Emergency room physicians are treating a new wave of gun trauma patients while still dealing with COVID burnout

Summary List PlacementFor more than a year, emergency room staff treated patient after patient rolled through the doors on the edge of death with COVID-19, barely able to catch a breath or scarf down their dinner.  Now that serious cases of the disease are on the decline, these frontline workers...

doctor burnout

Summary List Placement

For more than a year, emergency room staff treated patient after patient rolled through the doors on the edge of death with COVID-19, barely able to catch a breath or scarf down their dinner. 

Now that serious cases of the disease are on the decline, these frontline workers are triaging another wave of patients — many of them younger and otherwise healthier — whose bodies are pierced with bullets.

Dr. Steven Mitchell, the medical director of the emergency department at Seattle’s Harborview Medical Center, told Insider that so far this year, the hospital has seen a 40% increase in the number of gunshot victims coming into the ER compared to 2020.

“We had been in a downward shift for the last few years,” Mitchell said of the hospital’s intake of gunshot victims. “Beginning in April, we have seen a clear trend where each month we have exceeded the previous few years in the number of cases that arrive in our emergency department from gun violence.” 

In the past year cities across the US have seen a significant increase in homicides and gun violence, the rarest forms of violent crime, even as rates of other crimes remain stable or are decreasing in comparison to previous years.

Emergency room physicians have a front row seat to the surge, and treating gunshot wounds is taking a toll on them.

Mitchell said that the increase in gun violence trauma comes at a time when hospitals around the country are already struggling to maintain adequate staffing.  

Nurses and care staff took leaves of absence or left for new jobs because of the strain that the pandemic took on them, leaving emergency rooms with fewer workers to treat an increasing number of gunshot victims.

“Most of our nurses, when they are on their days off, they wake up to a page in the morning saying, ‘Hey, can you please come in to work overtime?’ And you can only do so much of that,” Mitchell said. “That’s happening all throughout our state, as well as at my hospital.” 

Violent crime, New York City

ERs that saw a wave of black and brown COVID patients are now seeing gunshot victims from those communities

Dr. Cedric Dark, a Houston emergency room physician and member of Baylor College of Medicine faculty, told Insider the number of patients being treated for COVID-19 in his department is slowly decreasing at the same time that more gunshot victims are coming into the ER.

“I like to think of gun violence as to two different types of diseases. Black and Hispanic — urban — that’s largely interpersonal violence,” Dark said. “And then there tends to be older white male suicides, and that make up two-thirds of gun deaths. We tend not to see that population in the ER, but the other third we see.” (More than 80% of attempted suicides by firearm are successful, so those cases rarely make it to the ER for treatment.)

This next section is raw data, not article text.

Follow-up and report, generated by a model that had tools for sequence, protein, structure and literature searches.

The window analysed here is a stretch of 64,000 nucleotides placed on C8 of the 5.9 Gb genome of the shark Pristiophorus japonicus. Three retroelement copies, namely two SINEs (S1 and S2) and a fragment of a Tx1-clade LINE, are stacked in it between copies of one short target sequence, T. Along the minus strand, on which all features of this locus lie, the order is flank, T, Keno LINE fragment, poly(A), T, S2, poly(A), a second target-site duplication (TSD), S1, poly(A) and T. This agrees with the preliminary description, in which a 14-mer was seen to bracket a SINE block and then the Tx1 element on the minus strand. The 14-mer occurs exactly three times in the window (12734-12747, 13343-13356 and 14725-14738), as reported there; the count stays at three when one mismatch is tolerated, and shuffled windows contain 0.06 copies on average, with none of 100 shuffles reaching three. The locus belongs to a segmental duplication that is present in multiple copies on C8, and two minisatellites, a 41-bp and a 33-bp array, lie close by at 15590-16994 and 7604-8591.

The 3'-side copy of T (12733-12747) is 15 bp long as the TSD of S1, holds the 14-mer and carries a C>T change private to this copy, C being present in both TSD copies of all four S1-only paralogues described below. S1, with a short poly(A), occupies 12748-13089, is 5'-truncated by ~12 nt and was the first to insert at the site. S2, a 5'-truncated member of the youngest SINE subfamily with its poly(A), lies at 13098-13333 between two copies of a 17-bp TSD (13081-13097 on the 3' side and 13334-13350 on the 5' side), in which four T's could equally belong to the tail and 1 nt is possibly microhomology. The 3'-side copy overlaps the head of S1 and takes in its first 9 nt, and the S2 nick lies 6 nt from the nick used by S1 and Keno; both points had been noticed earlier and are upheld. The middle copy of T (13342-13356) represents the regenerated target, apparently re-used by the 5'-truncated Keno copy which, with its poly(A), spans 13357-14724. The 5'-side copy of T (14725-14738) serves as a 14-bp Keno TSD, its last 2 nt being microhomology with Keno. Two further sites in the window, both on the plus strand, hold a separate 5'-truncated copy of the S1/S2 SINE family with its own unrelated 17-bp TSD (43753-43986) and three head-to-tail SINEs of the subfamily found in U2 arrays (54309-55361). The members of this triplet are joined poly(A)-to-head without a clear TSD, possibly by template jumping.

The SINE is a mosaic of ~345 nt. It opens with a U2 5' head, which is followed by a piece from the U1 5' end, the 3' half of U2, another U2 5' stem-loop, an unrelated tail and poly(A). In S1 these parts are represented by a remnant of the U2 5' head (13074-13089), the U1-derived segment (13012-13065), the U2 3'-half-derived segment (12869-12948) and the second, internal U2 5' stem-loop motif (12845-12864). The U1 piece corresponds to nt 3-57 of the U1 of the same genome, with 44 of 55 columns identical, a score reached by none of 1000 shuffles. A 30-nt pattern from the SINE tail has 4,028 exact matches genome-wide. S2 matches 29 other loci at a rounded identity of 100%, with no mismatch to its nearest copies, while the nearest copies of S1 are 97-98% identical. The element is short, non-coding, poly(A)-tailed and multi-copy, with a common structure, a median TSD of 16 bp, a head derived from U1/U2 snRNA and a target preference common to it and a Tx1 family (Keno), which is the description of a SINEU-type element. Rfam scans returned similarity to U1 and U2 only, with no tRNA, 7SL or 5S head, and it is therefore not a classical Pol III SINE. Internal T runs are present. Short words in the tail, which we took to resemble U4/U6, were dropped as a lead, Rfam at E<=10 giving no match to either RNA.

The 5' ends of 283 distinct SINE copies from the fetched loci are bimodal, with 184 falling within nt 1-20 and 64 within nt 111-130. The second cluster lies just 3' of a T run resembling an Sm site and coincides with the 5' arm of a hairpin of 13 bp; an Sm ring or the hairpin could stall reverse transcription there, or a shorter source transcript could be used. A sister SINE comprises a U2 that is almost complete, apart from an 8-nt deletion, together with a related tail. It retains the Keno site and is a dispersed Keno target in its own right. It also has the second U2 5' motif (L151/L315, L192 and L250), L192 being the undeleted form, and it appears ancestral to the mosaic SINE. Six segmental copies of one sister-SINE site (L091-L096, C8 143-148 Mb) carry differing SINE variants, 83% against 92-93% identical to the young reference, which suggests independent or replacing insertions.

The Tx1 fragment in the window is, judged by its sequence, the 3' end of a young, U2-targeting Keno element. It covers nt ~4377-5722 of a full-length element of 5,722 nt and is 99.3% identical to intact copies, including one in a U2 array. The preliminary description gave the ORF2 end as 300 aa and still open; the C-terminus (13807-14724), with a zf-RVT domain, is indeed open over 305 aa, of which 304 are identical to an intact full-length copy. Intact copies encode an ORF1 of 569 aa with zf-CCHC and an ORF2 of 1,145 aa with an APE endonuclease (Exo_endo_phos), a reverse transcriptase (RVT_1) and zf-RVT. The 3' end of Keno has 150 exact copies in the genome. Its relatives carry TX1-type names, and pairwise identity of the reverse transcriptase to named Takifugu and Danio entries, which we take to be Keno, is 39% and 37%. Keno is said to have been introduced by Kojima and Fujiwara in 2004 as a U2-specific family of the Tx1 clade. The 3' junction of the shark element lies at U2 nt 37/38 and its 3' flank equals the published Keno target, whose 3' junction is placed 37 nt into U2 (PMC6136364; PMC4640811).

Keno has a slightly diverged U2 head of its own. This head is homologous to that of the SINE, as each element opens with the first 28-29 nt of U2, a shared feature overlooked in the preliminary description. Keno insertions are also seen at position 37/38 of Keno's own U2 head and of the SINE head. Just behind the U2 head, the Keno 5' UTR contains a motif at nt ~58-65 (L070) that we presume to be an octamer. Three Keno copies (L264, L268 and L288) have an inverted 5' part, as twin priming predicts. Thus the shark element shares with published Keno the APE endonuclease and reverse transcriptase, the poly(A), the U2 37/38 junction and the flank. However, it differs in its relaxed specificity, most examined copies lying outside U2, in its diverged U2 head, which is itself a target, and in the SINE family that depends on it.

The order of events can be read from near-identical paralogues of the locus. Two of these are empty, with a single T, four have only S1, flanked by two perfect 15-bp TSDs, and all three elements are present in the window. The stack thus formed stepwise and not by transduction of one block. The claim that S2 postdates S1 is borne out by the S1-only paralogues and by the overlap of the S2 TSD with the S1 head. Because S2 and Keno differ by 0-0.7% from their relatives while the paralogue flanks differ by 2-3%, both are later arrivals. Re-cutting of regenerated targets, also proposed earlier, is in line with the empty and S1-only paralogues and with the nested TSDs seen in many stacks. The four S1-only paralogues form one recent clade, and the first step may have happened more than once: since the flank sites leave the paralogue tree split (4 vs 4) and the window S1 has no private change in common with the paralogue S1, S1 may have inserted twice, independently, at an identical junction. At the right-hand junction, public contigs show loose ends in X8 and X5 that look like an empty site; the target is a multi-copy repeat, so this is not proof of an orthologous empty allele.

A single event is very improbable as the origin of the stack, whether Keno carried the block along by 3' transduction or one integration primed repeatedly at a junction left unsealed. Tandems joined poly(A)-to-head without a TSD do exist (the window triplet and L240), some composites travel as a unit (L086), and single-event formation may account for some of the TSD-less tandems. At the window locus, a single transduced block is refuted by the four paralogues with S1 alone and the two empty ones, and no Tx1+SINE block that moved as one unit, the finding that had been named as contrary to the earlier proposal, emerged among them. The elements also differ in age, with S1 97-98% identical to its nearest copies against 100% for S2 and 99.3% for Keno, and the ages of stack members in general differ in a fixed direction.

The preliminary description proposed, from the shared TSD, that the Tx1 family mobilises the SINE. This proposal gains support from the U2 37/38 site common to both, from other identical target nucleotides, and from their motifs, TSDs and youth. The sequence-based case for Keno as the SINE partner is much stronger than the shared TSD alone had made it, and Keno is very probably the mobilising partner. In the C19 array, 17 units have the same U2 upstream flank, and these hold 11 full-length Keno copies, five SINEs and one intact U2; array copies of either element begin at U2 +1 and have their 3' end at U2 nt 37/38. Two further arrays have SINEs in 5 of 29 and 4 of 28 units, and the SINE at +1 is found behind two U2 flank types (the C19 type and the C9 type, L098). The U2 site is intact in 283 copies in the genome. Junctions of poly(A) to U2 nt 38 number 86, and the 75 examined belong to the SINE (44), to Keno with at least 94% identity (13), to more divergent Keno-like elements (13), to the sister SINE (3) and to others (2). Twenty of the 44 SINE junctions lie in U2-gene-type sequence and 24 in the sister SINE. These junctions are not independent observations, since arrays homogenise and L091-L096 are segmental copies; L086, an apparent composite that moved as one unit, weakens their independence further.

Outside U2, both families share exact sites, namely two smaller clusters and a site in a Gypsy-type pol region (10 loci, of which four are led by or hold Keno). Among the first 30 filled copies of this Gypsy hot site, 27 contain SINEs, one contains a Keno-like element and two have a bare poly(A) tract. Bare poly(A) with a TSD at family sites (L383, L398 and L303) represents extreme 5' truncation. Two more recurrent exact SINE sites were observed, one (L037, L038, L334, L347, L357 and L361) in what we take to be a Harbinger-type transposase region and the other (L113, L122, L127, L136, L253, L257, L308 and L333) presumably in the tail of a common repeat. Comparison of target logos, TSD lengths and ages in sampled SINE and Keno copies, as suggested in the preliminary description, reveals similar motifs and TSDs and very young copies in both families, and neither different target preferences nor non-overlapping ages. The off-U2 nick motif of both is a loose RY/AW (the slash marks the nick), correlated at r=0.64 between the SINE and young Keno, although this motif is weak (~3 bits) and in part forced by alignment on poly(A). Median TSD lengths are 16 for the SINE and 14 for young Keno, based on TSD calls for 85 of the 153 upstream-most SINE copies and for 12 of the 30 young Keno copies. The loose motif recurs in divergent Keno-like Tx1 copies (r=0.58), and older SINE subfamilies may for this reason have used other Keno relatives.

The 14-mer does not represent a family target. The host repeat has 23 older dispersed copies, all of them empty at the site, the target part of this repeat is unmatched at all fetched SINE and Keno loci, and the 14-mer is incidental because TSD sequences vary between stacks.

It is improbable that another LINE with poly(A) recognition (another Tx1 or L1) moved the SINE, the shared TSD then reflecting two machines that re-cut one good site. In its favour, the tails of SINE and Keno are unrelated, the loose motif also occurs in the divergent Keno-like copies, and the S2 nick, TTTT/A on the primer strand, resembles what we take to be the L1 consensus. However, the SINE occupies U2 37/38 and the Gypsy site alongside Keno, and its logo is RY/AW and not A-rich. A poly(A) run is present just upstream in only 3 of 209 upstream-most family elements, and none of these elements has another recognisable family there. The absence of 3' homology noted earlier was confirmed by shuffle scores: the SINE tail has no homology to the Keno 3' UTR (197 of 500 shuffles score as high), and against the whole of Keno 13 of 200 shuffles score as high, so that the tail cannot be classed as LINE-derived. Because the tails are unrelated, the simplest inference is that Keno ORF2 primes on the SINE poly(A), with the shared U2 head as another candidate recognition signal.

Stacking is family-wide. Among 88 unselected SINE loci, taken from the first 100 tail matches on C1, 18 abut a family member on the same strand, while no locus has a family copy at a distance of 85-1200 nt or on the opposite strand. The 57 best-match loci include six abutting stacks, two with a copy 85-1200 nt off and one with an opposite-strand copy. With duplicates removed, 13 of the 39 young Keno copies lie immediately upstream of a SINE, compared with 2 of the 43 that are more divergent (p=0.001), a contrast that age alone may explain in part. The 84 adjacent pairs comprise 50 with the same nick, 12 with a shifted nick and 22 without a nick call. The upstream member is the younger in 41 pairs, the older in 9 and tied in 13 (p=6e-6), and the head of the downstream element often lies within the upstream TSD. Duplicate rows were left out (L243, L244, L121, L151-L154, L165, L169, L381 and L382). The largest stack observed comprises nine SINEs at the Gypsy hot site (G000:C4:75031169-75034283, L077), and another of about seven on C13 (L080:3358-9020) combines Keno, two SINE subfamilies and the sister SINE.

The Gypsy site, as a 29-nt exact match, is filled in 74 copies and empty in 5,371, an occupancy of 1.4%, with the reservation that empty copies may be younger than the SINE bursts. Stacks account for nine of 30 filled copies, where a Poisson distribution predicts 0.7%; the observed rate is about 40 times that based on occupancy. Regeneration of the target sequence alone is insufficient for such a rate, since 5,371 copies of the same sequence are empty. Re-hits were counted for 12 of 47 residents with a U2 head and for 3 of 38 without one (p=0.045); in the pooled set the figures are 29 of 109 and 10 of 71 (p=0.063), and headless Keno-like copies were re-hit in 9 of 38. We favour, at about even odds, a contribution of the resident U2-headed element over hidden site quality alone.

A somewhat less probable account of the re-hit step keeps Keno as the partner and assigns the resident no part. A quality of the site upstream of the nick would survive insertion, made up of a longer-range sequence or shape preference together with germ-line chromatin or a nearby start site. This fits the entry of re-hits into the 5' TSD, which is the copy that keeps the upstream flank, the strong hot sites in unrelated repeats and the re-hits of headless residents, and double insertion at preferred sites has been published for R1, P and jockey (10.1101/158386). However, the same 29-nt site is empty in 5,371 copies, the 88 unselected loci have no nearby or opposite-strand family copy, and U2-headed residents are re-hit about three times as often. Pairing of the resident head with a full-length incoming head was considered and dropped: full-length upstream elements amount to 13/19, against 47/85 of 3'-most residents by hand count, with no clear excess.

The gun violence victims Dark has seen coming into the ER recently are largely Black and Hispanic, and are in their teens through 30s.

Dark is seeing a parallel shift in the kind of patient coming into the hospital with coronavirus. Early on, he said the disease tore through multi-generational homes, especially those that housed both young essential workers with more exposure and seniors with comorbidities. Dark is now seeing more patients who are white, middle-class, young people. 

“The first wave decimated the Black and Hispanic population,” he said, noting those are the groups his hospital primarily serves. “Now, it’s more younger people who are out and about.”

nurses and doctors

Physicians’ ‘I can deal with this’ attitude only goes so far

Dark and Mitchell both emphasized the need for healthcare workers to seek help as they continue to face trauma on the job.

“Pretty much everybody who works in emergency services tends to have sort of, ‘I can deal with this’ attitude, and yet that only goes so far,” Mitchell said. “You have to take care of yourself and make sure that the trauma you’re experiencing at work caring for these patients who are injured or who are really sick, does not come home with you and it doesn’t manifest in unhealthy forms.” 

The physicians said healthcare institutions also need to do more to prioritize their staffers’ mental health. That could come in the form of making counselors available, improving trauma de-briefing policies, or ensuring that nurses and doctors are not being overworked, Mitchell said. 

Dark also recommended abandoning the practice some hospitals have of asking job candidates to identify any mental health conditions they may have when applying for a position.

“That encourages people not to treat things,” Dark said. “One of the most important things that could be done is de-stigmatize taking care of for mental health care because there are many physicians out there that are feeling problems like this and want to act on it, but because of how we’re treating them in medicine, it puts up a barrier.” 

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